Saturday, October 26, 2019

Trump Administration’s Scaledown of Refugee Program Is Built to Endure

Photo: sandy huffaker/AFP/Getty Images
Steps to increase vetting and stop applications would make it hard for any future policy reversals to have impact
The Trump administration’s decision to reduce this year’s refugee cap to a record-low 18,000 people is just one step in its broader plan to shrink the program and make it harder for any future administration to quickly resume accepting refugees.
The government has increased vetting of most refugees, slowing the arrival of people who were previously approved. It also said last month that it would stop accepting most new referrals from the United Nations agency that coordinates world-wide refugee resettlement, meaning almost no new applicants will enter the yearslong process required for resettlement in the U.S.
The administration also this year introduced a new system of setting caps for special categories of refugees, including Iraqis who aided the U.S. military and people fleeing religious persecution, within its larger cap of 18,000. As a result of other steps it has taken to slow their processing, the real number of refugees admitted to the U.S. this year could fall well beneath that target.
President Trump hasn’t finalized the 18,000-person cap, though the fiscal year began Oct. 1, and the State Department has cancelled refugee flights through Oct. 28.
Acting U.S. Citizenship and Immigration Services Director Ken Cuccinelli, who oversees refugee vetting, said the slowdown is partly caused by the large number of migrants crossing the U.S.-Mexico border to seek asylum, for which people fleeing persecution and violence can apply once they are already on U.S. soil. Mr. Cuccinelli said resources are being put toward processing those cases.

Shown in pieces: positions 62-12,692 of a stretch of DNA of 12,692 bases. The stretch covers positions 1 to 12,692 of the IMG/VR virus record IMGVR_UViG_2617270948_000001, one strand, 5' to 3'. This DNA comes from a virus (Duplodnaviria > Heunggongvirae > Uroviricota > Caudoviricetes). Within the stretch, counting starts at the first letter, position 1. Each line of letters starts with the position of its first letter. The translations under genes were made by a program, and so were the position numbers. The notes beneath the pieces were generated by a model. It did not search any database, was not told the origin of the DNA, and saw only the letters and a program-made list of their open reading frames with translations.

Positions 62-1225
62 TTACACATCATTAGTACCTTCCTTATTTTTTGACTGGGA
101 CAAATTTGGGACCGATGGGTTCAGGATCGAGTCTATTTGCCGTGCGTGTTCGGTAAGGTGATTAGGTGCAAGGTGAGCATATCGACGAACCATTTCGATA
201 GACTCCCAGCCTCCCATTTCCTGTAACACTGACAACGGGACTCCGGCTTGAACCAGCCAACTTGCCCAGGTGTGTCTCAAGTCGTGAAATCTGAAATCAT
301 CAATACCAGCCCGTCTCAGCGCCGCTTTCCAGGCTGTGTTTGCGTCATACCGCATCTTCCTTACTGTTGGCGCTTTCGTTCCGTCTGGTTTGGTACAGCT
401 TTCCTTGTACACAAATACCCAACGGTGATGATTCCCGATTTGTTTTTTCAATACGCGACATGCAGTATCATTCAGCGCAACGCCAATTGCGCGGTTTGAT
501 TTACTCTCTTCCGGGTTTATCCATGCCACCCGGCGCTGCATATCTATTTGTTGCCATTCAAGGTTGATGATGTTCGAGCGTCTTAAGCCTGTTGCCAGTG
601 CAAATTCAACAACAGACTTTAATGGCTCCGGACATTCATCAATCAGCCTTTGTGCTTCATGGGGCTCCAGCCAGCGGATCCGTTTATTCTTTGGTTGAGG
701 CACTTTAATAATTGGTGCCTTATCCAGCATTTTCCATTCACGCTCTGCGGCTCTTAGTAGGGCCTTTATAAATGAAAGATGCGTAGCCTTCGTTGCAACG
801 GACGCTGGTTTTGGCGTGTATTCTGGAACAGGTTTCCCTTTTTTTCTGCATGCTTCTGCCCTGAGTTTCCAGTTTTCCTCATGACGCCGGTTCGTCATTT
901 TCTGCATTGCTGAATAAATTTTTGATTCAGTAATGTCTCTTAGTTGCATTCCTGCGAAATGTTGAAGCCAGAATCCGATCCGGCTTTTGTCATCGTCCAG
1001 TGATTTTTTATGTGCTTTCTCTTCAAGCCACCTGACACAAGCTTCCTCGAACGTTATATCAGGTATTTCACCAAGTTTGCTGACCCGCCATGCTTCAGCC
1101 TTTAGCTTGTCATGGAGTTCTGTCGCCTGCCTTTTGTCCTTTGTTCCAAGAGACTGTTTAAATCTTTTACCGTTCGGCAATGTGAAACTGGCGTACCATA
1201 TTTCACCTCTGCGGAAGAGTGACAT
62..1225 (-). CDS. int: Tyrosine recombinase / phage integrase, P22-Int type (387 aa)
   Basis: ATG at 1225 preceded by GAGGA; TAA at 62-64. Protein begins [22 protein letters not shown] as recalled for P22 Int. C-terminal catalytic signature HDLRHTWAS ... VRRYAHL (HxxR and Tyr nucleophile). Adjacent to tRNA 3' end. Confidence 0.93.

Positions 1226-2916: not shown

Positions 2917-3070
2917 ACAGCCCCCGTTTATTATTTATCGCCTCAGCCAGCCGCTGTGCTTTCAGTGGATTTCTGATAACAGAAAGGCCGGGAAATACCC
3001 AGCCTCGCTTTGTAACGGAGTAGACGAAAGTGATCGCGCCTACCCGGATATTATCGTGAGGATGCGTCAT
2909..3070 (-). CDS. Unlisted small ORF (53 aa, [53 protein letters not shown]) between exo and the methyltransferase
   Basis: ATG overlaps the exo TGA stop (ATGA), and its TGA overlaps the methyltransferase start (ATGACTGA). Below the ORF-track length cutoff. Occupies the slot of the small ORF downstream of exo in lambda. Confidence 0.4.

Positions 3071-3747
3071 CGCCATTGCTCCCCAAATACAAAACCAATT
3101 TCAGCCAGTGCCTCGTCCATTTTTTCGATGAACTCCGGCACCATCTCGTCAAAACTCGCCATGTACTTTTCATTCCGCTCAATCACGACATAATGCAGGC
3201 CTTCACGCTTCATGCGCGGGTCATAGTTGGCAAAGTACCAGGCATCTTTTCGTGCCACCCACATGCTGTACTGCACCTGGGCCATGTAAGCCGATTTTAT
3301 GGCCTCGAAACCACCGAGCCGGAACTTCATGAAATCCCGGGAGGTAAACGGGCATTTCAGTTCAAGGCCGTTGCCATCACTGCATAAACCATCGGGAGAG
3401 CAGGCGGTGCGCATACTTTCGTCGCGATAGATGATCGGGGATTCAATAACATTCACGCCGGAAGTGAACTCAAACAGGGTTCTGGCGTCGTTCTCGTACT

Photo: jose luis gonzalez/Reuters
The administration has taken separate steps to curtail asylum applications, particularly from Central American migrants, who made up the majority of the nearly one million people crossing the border last year, including requiring those migrants to apply for humanitarian protection in other Central American countries.
President Trump and immigration officials in his administration say the more restrictive refugee policy is necessary to protect national security. Officials add that the cost of bringing refugees to the U.S. far exceeds that of helping a greater number of refugees resettle closer to home.
Read the rest from the WSJ HERE.

If you like what you see, please "Like" us on Facebook either here or here. Please follow us on Twitter here.

No comments: